This time around, student volunteers will be improvising with the help of H-E-B, which offered to pick up the program’s batter costs. Instead of Batter Blaster, chefs will use a combination of empty ketchup bottles and Aunt Jemima pancake mix.

“We have never run out of pancakes yet, but doing so would not necessarily be a bad thing,” Ferrario said. “I hope that people, through pancakes, realize how powerful student organizations can be when they work collectively for a common cause.”

Popularity and support for the program, which Ferarrio said he hopes will become more of a tradition, has grown tremendously over the last few years.

“There aren’t many events like this that bring so many different student groups on campus together,” Ferrario said. “From all of those supporting organizations we are able to gather literally hundreds of volunteers who help with everything from mixing pancake batter to collecting donations from supporters.”

Along with his wife and daughter, Vick has been involved in the event since it first began. After being diagnosed with Parkinson’s in 2008, he has been profoundly inspired by the excitement and dedication that underlies events like Pancakes for Parkinson’s on campus.

“I always appreciate student efforts that go beyond the classroom that serve the community and bring people together for a good cause,” Vick said. “I believe that the work the students have done in the past has been quite successful and it’s been fun to have my family involved.”

Printed on Thursday, April 25, 2013 as Students sell pancakes to fund Parkinson's disease research 

The Taiwanese American Students Association presents the 10th Annual Night Market in front of the Gregory Plaza on Friday night. Students get to experience traditional Taiwanese culture through performances and games.

Photo Credit: Haipei Han | Daily Texan Staff

Students experienced the atmosphere and taste of a Taiwanese night market Friday evening after standing in lines for traditional food, painting lanterns, playing a Taiwanese ring-toss game and participating in other cultural activities.

The Taiwanese American Students Association organized the 10th annual Taiwanese market in the Gregory Gym plaza. The event replicated the atmosphere of a traditional Taiwanese night market to educate students about Taiwanese culture.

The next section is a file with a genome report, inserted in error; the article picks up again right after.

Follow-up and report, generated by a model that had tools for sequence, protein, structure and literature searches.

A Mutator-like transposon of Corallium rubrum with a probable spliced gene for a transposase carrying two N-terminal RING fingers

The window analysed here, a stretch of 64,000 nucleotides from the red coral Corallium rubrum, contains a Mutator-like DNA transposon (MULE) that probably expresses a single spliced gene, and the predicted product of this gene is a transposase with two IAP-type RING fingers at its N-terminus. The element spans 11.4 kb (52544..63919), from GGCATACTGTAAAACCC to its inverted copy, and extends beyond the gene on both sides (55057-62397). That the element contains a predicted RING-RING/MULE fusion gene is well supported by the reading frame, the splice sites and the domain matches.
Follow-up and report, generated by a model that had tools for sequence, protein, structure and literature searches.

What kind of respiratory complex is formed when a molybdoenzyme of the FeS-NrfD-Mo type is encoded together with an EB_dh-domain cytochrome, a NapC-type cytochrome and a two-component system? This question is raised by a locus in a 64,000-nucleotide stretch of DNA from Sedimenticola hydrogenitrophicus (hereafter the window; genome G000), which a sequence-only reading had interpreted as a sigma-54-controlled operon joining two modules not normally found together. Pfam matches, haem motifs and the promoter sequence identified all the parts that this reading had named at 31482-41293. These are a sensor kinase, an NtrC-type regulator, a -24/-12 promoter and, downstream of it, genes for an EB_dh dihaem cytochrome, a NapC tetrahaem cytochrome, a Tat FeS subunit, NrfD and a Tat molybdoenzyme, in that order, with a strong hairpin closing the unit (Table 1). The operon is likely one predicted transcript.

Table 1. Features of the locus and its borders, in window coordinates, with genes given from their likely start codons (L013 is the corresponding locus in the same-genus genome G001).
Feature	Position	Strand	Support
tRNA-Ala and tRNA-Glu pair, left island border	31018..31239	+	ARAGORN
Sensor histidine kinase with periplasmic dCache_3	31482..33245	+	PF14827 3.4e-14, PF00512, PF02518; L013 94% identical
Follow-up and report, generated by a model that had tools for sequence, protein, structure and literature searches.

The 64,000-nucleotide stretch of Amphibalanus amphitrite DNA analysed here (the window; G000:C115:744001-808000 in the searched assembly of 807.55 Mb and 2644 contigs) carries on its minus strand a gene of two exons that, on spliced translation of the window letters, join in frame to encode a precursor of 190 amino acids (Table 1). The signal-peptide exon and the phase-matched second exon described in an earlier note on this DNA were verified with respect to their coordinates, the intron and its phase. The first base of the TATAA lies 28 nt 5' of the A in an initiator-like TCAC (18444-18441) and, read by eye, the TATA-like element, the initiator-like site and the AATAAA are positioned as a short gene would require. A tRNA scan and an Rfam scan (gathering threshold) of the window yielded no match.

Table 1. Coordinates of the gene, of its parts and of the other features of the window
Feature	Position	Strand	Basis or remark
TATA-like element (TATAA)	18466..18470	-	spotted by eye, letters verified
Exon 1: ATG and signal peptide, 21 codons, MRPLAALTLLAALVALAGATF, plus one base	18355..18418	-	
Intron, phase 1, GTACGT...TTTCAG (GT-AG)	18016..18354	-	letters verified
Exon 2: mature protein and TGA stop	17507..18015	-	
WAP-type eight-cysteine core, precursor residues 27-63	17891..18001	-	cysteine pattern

“What an actual Taiwanese market is, you walk into a street and there are just vendors everywhere selling clothes, selling food, and it’s a really overwhelming experience,” Douglas Wang, the association’s financial director, said. “The food and everything is all blended so well together.”

Wang, a finance sophomore, said an actual Taiwanese night market promotes businesses, whereas the replicated event at UT promotes the culture of Taiwan to students. He said the market was filled with vendors from other Asian cultural organizations that were also invited to promote unique aspects of their cultures.

Plan II senior Daniel Hung, the association’s president, said the event had more food, entertainment and tabling by organizations this year than ever before.

“To me, it’s just nostalgic being here,” Hung said. “It reminds me of Taiwan and being at the night market in Taiwan. For me, it’s just bringing back the old memories. That’s the best part.”

Hung said he thinks the best part of Taiwanese culture is the food. At the event, students got to try Taiwanese cuisine for free. Students stood in long lines that stretched from the south side of Gregory Gym plaza to the north side. When it was announced the green onion pancake line was moved, students ran to form a new line.

The night was filled with a variety of entertainment, including a mochi-eating contest, a Chinese yo-yo performance and singing. Biochemistry freshman Kevin Chan sang a popular Taiwanese song titled “Kiss Goodbye” acoustically. Vendors and students attending the event sang along in Taiwanese. He said the song is one of the more popular songs of the current Taiwanese generation.

Students also played “Tao Chaung Chaung,” a game similar to ring toss, at the Taiwanese International Student Association booth.

The event was a success because they were able to share the unique culture and identity of Taiwan with more people this year, Hung said.

Hung said, “I think the best way to express that is through our culture, through our food, through our games, which is why the night market is such a big deal for us.”

Massage therapist Sheila Tremblay gives a massage to undeclared freshman Safi Jenkins at the Healthy Horns Fest Wednesday afternoon.

Photo Credit: Pu Ying Huang | Daily Texan Staff

University Health Services continues to live up to the Princeton Review’s recent praises as the third-best college health services organization nationwide by offering a health festival featuring information, food and games.

UHS presented its “HealthyHorns Fest” Wednesday at Gregory Gym Plaza to educate students about health-related problems. Sherry Bell, senior program coordinator for University Health Services, said the event aims to inform students of the health services UHS provides while displaying health-related campus resources.

“Our survey research shows us that a good number of students still don’t know that we exist,” Bell said. “Today we are able to serve students who never come to us when they are ill or injured.”